Concerns are addressed about statin side effects

Drs. Oz and Roizen advise readers on medical issues including statin drug alternatives.
BY MICHAEL ROIZEN, M.D., AND MEHMET OZ, M.D., For The Oklahoman Modified: June 16, 2014 at 3:14 pm •  Published: June 17, 2014
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Q: I’ve tried a couple of statins, and the side effects — particularly muscle pain — always knock me off them. The problem is my cholesterol is almost 400, and I’m scared I’ll have a heart attack before I’m 45, like my dad did. What do you suggest I do?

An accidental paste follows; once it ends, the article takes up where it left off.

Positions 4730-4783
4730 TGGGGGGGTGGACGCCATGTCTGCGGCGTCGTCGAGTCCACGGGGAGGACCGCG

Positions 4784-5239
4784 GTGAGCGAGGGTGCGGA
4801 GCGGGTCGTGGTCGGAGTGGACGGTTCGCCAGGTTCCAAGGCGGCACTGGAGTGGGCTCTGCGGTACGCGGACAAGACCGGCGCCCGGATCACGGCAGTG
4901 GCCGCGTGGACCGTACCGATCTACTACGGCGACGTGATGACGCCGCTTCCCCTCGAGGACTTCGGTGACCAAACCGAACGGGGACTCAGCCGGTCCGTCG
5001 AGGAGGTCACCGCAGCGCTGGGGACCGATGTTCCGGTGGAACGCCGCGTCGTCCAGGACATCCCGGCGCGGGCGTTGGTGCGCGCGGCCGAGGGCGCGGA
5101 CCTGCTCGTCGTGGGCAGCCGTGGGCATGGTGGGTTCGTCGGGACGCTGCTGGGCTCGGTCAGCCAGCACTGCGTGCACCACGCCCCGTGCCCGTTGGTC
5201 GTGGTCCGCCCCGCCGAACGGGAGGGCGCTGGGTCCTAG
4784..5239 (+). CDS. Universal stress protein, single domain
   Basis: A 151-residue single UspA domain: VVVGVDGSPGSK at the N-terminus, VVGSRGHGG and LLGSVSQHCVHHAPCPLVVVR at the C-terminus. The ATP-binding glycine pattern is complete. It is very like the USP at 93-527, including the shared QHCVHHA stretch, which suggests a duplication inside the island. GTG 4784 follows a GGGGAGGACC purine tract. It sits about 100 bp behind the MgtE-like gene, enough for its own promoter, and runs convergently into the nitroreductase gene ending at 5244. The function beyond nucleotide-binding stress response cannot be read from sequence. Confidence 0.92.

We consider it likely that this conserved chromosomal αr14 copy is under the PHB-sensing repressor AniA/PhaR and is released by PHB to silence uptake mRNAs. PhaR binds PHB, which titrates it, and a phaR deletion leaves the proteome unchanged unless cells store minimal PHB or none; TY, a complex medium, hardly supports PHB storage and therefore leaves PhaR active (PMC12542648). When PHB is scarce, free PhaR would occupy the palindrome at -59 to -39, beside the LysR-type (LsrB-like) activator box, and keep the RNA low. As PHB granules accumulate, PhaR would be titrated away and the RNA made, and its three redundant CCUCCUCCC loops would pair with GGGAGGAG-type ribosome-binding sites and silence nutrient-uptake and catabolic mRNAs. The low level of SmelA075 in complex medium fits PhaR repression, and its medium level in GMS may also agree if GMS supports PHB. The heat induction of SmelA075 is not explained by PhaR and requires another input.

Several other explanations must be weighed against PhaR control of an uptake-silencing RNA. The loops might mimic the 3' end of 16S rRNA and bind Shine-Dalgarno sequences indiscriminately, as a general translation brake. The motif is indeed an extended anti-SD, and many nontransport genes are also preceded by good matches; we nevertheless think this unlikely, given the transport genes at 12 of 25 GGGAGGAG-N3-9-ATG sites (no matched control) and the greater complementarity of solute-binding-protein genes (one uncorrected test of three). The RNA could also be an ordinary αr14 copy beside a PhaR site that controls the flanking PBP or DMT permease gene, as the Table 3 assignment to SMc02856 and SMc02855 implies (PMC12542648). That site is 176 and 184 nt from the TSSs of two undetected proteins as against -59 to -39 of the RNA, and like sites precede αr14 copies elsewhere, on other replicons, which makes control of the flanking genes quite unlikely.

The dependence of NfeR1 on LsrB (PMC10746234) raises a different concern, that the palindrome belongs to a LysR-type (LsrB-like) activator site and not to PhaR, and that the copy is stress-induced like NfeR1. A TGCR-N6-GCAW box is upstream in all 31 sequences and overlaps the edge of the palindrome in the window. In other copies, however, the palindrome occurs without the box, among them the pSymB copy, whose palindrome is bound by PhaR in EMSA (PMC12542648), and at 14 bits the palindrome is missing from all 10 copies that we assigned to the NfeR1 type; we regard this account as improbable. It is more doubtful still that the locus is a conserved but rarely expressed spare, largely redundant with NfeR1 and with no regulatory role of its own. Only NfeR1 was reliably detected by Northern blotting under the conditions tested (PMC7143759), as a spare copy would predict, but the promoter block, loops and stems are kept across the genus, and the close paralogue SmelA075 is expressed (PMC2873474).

— Frank S., Pittsburgh

A: Start by getting the genetic test for familial high cholesterol, also called familial hypercholesterolemia (FH); it affects about 1 in 500 folks. It happens because a genetic mutation makes your body unable to clear lousy LDL cholesterol from your bloodstream. In adults it’s diagnosed when there’s a family history of premature heart disease and lousy LDL cholesterol is 190mg/dL or higher (in kids it’s 160 and up). Genetic testing is recommended to confirm a diagnosis of FH if there’s some doubt about the cause of elevated LDL.

Statins normally would be your first line of defense, and for many people they’re lifesavers, but for you, their side effects are a deal breaker. There are other cholesterol-lowering medications, such as niacin and ezetimibe that you might tolerate, but neither seems to substantially decrease heart attack risk.

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